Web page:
Textile Designers at the Cutting Edge (Laurence King)
Posted on Tue, June 1st, 2010 in Book Reviews
Textile Designers at the Cutting Edge by Bradley Quinn
Laurence King Publishing (2009)
A fuchsia ribbon keeps the handsome cover of this book closed. It is a detail that suggests we might be peaking inside the diary of a visionary creative director and sets the trendy tone for this survey of textile design. Quinn is responsible for a number of key textile books already. The Fashion of Architecture and Techno Fashion both marked themselves out for their originality, while his contribution to Contemporary Textiles: the fabric of fine art and Ultra Materials confirm the breadth of his experience as a design writer. He uses this publication to give the textile his primary attention. I’m not convinced that the content “charts the furthermost boundaries of what a textile can be” as stated in the introduction, but it certainly provides us with a needed overview of textile design today.
The problem is that the graphic design of this book does not always do justice to the textile design it contains. Images are the first thing we notice in glossy books like this one, as we should. But here an inconsistent approach to page layout distracts from the content. Some pages are stark, others cluttered. The section devoted to Florence Manlik contains stunning catwalk images and the black and white graphics that adorn the book’s striking cover. But beautiful images such as Becky Earley and Hanna Werning’s work on models are awkwardly positioned in the gutter between pages. On other pages the photography is not in focus. A few too many clichés are adopted in lieu of clear design: the fashion section is printed on glossy paper; interiors appear on flat, grainy pages; mock serrated edges seem, unnecessarily, to suggest a swatch book.
Quinn cannot be accused of indulging in any poetic over complications in organising the book. Two simple but effective subsections of ‘body’ and ‘space’ are used. These divisions may not be appropriate for much longer, as emerging designers begin their careers steeped in education’s vision of transferable design skills. But it works for the current content and Quinn is clear to explain that designers who work with both fashion and interiors appear in the category that “reflects the area in which they are best known”.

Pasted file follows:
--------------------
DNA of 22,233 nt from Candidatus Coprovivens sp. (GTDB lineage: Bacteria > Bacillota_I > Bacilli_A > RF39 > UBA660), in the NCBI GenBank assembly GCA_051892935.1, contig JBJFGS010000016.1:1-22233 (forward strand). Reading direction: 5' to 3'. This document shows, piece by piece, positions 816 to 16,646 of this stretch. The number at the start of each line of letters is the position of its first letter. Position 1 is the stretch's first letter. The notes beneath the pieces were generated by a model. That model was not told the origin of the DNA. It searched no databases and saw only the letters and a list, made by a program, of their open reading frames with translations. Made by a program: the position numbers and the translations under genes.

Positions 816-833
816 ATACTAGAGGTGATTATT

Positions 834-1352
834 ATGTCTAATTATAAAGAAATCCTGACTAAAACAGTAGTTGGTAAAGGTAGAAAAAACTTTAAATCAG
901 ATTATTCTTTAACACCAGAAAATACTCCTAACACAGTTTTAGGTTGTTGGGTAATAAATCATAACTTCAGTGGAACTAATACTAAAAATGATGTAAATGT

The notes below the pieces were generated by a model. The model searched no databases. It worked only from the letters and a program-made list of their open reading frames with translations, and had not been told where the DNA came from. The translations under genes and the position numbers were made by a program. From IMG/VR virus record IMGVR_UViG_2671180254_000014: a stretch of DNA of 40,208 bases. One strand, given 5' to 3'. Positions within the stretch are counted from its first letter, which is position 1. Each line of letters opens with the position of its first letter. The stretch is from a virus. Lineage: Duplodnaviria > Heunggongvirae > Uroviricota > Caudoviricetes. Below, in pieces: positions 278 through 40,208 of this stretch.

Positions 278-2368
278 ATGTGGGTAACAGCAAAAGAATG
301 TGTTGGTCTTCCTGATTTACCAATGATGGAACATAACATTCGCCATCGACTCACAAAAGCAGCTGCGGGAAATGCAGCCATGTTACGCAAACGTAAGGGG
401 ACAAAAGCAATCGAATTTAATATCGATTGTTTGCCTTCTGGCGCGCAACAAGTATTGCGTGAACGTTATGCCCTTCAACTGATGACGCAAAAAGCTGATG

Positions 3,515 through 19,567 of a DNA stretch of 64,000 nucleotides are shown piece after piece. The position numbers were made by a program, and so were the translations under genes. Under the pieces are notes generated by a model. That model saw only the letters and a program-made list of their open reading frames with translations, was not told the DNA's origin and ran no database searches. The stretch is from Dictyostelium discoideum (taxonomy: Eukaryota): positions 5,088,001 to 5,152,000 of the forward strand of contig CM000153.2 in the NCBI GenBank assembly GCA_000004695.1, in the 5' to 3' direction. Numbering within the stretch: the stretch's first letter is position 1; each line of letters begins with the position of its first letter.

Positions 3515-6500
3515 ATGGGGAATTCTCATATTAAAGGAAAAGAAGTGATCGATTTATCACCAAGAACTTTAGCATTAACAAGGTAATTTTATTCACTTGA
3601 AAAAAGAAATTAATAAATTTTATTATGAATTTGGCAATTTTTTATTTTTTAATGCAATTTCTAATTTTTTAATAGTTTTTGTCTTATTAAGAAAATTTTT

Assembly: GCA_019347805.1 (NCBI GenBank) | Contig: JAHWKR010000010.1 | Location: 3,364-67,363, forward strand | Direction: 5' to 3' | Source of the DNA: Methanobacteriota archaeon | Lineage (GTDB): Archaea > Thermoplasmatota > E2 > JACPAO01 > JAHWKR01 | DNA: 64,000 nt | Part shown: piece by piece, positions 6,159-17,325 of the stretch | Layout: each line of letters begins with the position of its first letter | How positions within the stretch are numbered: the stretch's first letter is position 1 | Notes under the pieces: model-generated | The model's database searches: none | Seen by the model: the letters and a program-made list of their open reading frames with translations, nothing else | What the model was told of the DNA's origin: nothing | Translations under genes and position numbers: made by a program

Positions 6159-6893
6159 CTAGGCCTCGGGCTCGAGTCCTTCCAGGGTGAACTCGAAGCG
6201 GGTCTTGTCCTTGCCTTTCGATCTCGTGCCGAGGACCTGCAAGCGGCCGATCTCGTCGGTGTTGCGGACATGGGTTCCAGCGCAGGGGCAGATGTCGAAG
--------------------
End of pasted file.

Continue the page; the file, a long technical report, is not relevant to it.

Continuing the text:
The accompanying text is based on interviews; some, perhaps inevitably, are more engaging than others. It may have been helpful to hear a little more of Quinn’s own voice throughout, especially to plug the gaps thrown up by the less informative interview material. Instead curious content appears not in the main text, but in the captions. Each contains upbeat and clever insights, but doesn’t always confirm just what it is we are looking at. Without becoming bogged down in the technical, I would have found it helpful to know, for instance, if the fabric was a digital print or screen print, silk or polyester.
There is little evidence of an aesthetic bias at work, which is refreshing in a book such as this. Commendable projects such as Anita Ahuja’s recycled plastic bags are treated as design rather than just recycling. Several designers are shown with images that reveal the inspiration guiding their work. The reference shots that accompany Claudia Hill, for example, are excellent for students and new designers to see. This approach is so effective it is a shame it isn’t applied more frequently throughout the book.
The introduction states: “As Seamless explores the work of 36 multi-disciplinary textile designers from approximately 16 countries around the world, their sources of inspiration and treatment of materials are explained in their own words.” I wonder if “Seamless” refers to an earlier intended title of the publication? In many ways this reference, mistaken or not, reveals the emphasis of printed cloth that dominates the first half of the book.
Kahori Maki’s illustrations, Sébastien Barilleau’s use of crystals, Astrid Krogh’s neon tubing and Hsiao-Chi Tsai’s flamboyant installations arguably do “chart the furthermost boundaries” of textile design today. But the bulk of this book is less about the extremes of textile design and more about unusual examples of printed textiles. This in itself was much needed and I anticipate that an update will be required before long.
Surface Design Journal (summer 2010: 68)